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Jay-Ann Lopez
Photograph Michael Stuart Daley

Jay-Ann Lopez’s gaming obsessions: Enter the Matrix and fantasy RPGs

The founder of Black Girl Gamers guides us through her gaming hot takes

Dazed XP is a series where we go deep on all things video games – consoles v PC, iconic video game characters, gaming bugbears and stereotypes, or retro faves.

It’s a false stereotype that most gamers are white guys living in their parents’ basements. “Of course, there are people like that, but it doesn't apply to everyone, obviously,” says Jay-Ann Lopez. “I don’t like to enforce that stereotype because it's damaging, both to white men and to other gamers.”

Battling against this misrepresentation is partly why Lopez founded Black Girl Gamers, a gaming collective that’s now home to over 9,000 Black women all around the world. Conceived in 2015, Black Girl Gamers was created to provide a safe space for Black women in gaming, away from racism and misogyny. In the years since its formation, the collective has not only grown in membership, but in scope: along with regular streams and events on platforms like Twitch, the collective works with the likes of Facebook, Google, Netflix and other gaming communities, while curating events with organisations such as the V&A, Belong Gaming Arenas and Twitch. 

Ultimately, with Black Girl Gamers, Lopez’s aims are to ensure that Black women in gaming have a seat at the table, be that through representation, influence, equality or experiences. “So many games are focused on one demographic or one area, usually white men or Europe,” Lopez tells Dazed. “That’s why I’m interested in games like Black Myth: Wukong, Ghosts of Tsushima, and Assassin’s Creed: Origins. They’re set in places that you get to explore and that’s what I think gaming is all about. They’re about utilising your imagination and exploring things that aren’t just one set norm.” 

Here, Lopez takes Dazed through all of her gaming obsessions and hot takes.


Jay-Ann Lopez: My mum used to present on the radio and, because she was a single mother, she would take me with her. I remember playing Doom on PC while she was working.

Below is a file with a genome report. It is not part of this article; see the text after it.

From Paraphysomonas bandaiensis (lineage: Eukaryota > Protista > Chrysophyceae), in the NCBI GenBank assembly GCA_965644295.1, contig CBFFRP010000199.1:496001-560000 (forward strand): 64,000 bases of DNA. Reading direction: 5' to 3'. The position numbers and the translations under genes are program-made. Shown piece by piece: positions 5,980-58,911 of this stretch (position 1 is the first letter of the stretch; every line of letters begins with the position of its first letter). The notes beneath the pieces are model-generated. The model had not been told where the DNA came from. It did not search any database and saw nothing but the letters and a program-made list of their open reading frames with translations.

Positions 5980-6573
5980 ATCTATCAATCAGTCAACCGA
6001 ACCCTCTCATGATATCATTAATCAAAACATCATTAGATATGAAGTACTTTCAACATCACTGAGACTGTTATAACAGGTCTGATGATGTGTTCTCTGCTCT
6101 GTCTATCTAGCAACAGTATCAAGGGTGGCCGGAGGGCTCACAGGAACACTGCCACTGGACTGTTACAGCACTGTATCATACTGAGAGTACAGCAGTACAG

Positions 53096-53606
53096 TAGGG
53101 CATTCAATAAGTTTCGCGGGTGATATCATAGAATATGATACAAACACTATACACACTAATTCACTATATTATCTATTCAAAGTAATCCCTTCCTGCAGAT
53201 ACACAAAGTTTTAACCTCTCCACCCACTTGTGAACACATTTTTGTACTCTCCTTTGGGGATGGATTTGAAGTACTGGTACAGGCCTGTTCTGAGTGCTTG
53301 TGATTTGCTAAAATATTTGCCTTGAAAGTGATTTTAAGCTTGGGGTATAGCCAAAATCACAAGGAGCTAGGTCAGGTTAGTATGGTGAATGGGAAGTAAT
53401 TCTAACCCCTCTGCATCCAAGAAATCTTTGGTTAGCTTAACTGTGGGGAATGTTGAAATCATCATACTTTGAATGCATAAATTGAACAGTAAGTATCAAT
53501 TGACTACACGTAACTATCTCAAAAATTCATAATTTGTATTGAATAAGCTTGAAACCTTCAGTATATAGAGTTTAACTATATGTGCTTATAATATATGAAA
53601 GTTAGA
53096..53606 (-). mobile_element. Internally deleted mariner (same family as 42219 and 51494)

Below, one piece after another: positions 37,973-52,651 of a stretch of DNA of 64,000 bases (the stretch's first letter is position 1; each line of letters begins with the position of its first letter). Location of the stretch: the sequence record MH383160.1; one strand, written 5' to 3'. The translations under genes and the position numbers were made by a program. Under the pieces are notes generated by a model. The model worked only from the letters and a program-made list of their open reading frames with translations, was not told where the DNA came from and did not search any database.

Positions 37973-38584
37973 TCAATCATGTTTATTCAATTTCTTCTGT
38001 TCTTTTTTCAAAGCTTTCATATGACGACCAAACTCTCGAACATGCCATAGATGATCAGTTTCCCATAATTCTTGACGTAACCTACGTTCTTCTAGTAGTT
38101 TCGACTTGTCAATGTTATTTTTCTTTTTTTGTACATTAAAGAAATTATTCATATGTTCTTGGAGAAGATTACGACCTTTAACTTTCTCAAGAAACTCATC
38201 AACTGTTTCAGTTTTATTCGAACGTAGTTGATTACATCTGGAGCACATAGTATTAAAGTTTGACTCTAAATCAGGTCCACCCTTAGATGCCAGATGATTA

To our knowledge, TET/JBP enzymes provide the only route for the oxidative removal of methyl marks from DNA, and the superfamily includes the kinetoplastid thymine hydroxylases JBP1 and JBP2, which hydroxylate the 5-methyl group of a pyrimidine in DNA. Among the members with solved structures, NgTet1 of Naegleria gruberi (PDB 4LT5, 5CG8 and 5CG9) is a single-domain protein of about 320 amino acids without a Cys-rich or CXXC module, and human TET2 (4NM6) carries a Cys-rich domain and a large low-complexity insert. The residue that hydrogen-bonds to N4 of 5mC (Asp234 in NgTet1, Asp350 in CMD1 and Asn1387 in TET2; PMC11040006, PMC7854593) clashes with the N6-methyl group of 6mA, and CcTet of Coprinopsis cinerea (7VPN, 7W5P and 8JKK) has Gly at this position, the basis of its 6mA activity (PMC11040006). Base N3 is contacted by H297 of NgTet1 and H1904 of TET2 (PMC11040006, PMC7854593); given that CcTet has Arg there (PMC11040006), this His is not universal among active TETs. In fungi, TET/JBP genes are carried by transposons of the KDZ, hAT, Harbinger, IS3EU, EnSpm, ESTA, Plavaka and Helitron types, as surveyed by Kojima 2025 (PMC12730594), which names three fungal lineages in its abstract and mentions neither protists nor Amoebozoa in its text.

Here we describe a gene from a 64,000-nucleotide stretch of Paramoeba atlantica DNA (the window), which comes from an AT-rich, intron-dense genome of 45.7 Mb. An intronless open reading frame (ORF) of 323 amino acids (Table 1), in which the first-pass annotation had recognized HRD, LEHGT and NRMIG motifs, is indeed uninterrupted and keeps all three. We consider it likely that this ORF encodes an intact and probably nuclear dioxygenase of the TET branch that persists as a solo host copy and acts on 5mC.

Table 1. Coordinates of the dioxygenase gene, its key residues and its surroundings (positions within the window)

Jay-Ann Lopez: The first game I loved was Enter the Matrix where you could play as Ghost or Niobe from The Matrix series. Niobe is obviously played by Jada Pinkett Smith. That was the first Black character that I got to play for an extended period of time that had Bantu knots, looked dope and whooped arse. She was one of my favourite characters and that made me fall in love with the game. 


Jay-Ann Lopez: When the PS4 came out was a really good era for me. Also, when the original Xbox came out. We don’t give Xbox enough credit for the amount of doors they opened with Xbox Live and the types of games they came out with. Like, Halo opened up a whole genre for games. 


Jay-Ann Lopez: Not all games are violent and violent games don’t lead to violent tendencies. I’ve been playing shooting games since I was very young – too young to admit – and I’m not gonna go and do commit a mass crime against anybody. Video games are not monolithic. They exist in so many different shapes, forms, stories, formats, lengths and qualities. It’s also not a solitary activity. When you play online, because you have to collaborate with your teammates, you have communities and discords that formulate around one game as a point of common interest. You interact with other people.


Jay-Ann Lopez: I love my PS5 dearly. But I love my PC dearly, too. PC gaming opens up a world that many people don’t get to enjoy on console. MMORPGs are great experiences that you mainly have on PC. That’s a world I really love, especially with my love for fantasy games. I’ve been playing Grounded, which is on Game Pass. It’s kind of a co-op RPG sandbox game. That’s super fun to play with friends

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